© HEATHER TAWEEL/THE GUARDIAN
Kendi Tarichia and Scott Parsons are members of the newly formed Black Culture Society of P.E.I., a not-for-profit group that is open to everyone interested in black culture. They’ve put together a list of events that will take place in Charlottetown during Black History Month in February.
Kendi Tarichia was a young teenager just looking to fit in when she left Kenya and moved to Charlottetown.
It wasn't easy for her because there simply weren't very many black youth around.
Then she decided to attend Island Baraka Day, an event to recognize and honour the contribution of the first Africans to arrive in the province, those who were brought to P.E.I. as slaves more than two centuries ago.
Organizers wanted it to represent the Afro-Islander population. Activities included traditional African dance, food, crafts and presentations and displays on various topics.
"When the Baraka festival happened, there would be lots of people there, people interested in learning and meeting other people. You saw a reflection of yourself in the community,'' said Tarichia, now 27.
Organizers with the Black Islanders Co-operative, which put together Island Baraka Day, were looking to pass the torch so a group, including Tarichia, got together and formed the Black Cultural Society of P.E.I., a not-for-profit located in Charlottetown.
These are changing times in P.E.I. with the number of immigrants growing all the time.
With that in mind, the society created Black History Month in February. In December 1995, the House of Commons officially recognized February as Black History Month, following a motion introduced by the first black Canadian woman elected to Parliament, Jean Augustine. The motion was carried unanimously by the House of Commons.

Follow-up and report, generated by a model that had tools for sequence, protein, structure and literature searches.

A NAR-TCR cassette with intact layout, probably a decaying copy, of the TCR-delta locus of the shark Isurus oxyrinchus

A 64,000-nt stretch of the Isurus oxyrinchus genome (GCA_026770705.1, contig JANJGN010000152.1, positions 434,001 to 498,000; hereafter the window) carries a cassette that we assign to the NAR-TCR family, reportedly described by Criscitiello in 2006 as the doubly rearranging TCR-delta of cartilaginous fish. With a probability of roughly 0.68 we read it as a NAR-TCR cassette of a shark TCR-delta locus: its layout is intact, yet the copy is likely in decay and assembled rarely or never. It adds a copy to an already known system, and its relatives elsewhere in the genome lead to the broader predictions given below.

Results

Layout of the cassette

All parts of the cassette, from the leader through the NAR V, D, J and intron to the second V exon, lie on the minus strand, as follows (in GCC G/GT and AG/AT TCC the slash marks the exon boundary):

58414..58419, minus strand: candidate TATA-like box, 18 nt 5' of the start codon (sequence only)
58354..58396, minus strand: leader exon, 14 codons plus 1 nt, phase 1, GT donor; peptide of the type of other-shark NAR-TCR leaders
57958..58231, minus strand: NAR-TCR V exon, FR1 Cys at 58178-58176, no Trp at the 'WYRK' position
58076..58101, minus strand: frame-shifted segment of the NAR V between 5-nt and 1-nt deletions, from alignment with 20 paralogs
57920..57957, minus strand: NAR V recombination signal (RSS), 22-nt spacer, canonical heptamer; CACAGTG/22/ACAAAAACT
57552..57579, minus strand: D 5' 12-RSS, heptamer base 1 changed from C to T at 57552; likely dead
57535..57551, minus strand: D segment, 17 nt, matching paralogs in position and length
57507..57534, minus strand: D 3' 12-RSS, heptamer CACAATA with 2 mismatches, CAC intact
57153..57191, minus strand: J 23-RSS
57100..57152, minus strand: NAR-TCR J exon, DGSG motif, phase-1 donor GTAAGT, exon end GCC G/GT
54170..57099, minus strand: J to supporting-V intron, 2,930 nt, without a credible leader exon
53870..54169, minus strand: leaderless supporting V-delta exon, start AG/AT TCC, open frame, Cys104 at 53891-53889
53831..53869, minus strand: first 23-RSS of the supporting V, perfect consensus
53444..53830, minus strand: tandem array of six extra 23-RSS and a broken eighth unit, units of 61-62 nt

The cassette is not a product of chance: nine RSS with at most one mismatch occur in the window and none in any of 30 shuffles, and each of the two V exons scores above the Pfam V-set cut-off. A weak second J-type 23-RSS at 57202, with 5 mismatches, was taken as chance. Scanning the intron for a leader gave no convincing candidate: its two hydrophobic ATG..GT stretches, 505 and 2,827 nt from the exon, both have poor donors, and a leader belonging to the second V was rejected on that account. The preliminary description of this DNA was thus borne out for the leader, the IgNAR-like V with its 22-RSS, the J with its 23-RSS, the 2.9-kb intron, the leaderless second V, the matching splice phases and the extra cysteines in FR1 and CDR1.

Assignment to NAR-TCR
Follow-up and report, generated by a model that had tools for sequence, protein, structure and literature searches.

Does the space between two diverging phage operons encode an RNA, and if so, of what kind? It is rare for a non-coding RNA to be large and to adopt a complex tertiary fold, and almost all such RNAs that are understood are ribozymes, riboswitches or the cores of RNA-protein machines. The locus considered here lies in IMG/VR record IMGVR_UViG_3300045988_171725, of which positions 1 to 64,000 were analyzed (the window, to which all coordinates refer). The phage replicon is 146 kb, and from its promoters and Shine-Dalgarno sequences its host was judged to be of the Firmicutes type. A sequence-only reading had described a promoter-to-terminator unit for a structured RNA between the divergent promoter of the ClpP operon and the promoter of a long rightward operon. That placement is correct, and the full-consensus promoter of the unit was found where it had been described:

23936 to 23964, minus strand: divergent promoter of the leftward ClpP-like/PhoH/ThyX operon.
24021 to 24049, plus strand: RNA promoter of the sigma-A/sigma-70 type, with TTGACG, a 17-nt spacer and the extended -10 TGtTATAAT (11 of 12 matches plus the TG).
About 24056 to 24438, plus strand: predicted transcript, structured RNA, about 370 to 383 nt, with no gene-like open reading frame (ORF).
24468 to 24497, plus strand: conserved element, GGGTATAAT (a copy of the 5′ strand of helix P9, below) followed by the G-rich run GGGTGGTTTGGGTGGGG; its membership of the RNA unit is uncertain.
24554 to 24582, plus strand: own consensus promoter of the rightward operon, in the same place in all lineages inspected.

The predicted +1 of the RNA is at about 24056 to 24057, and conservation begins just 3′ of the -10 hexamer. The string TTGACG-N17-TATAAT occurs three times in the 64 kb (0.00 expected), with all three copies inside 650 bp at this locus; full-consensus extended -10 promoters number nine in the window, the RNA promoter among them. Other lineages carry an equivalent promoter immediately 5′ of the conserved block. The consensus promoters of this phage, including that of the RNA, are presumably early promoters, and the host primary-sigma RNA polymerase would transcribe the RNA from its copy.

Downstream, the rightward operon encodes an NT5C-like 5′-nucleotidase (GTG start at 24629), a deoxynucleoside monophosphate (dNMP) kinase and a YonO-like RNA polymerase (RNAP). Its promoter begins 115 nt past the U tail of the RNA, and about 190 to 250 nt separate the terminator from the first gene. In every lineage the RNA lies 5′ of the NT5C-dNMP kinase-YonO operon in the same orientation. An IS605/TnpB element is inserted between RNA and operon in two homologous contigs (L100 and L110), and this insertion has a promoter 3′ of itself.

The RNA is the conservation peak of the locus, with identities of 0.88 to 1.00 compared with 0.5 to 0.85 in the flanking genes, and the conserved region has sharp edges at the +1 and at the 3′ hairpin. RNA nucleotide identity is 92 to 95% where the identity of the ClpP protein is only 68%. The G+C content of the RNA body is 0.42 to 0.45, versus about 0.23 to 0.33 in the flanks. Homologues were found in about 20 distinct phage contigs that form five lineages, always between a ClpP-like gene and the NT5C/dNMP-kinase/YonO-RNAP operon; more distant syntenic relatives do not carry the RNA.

In February 2008, Senator Donald Oliver, the first black man appointed to the Senate, introduced a motion to have the Senate officially recognize February as Black History Month. It received unanimous approval and was adopted on March 4, 2008.
There will be a writing competition, Baraka family arts and crafts event, music, a roots reggae dance at Jax Dance Club on Prince Street in Charlottetown and a workshop on Transcending Race and Discrimination on P.E.I.
The local chapter of the Council of Canadians has also teamed up with Cinema Politica to organize a screening of "500 Years Later'' about the affects of slavery globally on Feb. 17 at Murphy's Community Centre.
Scott Parsons, a member of the society, said it's a sign that things are changing in P.E.I.
"There is a whole new demographic of people here from other places in the world,'' Parsons said. "Some of these people have children who were born here in P.E.I. and are going to school here. They are the new generation of black Islanders.''
Tarichia said the response from the community in terms of help is important and that means a lot to her.
"I think it's exceptionally important (to celebrate African culture). When we were doing Baraka back then it was more to raise awareness, but Charlottetown has changed so much. It has become so much more diverse.
"It felt like, suddenly, we have a bigger group of culture to celebrate, different black cultures to celebrate. We felt it was even more important to celebrate black culture in P.E.I. and to represent black culture to see how we could move forward with black culture. I felt it was important, not just on a personal level, but a community level.''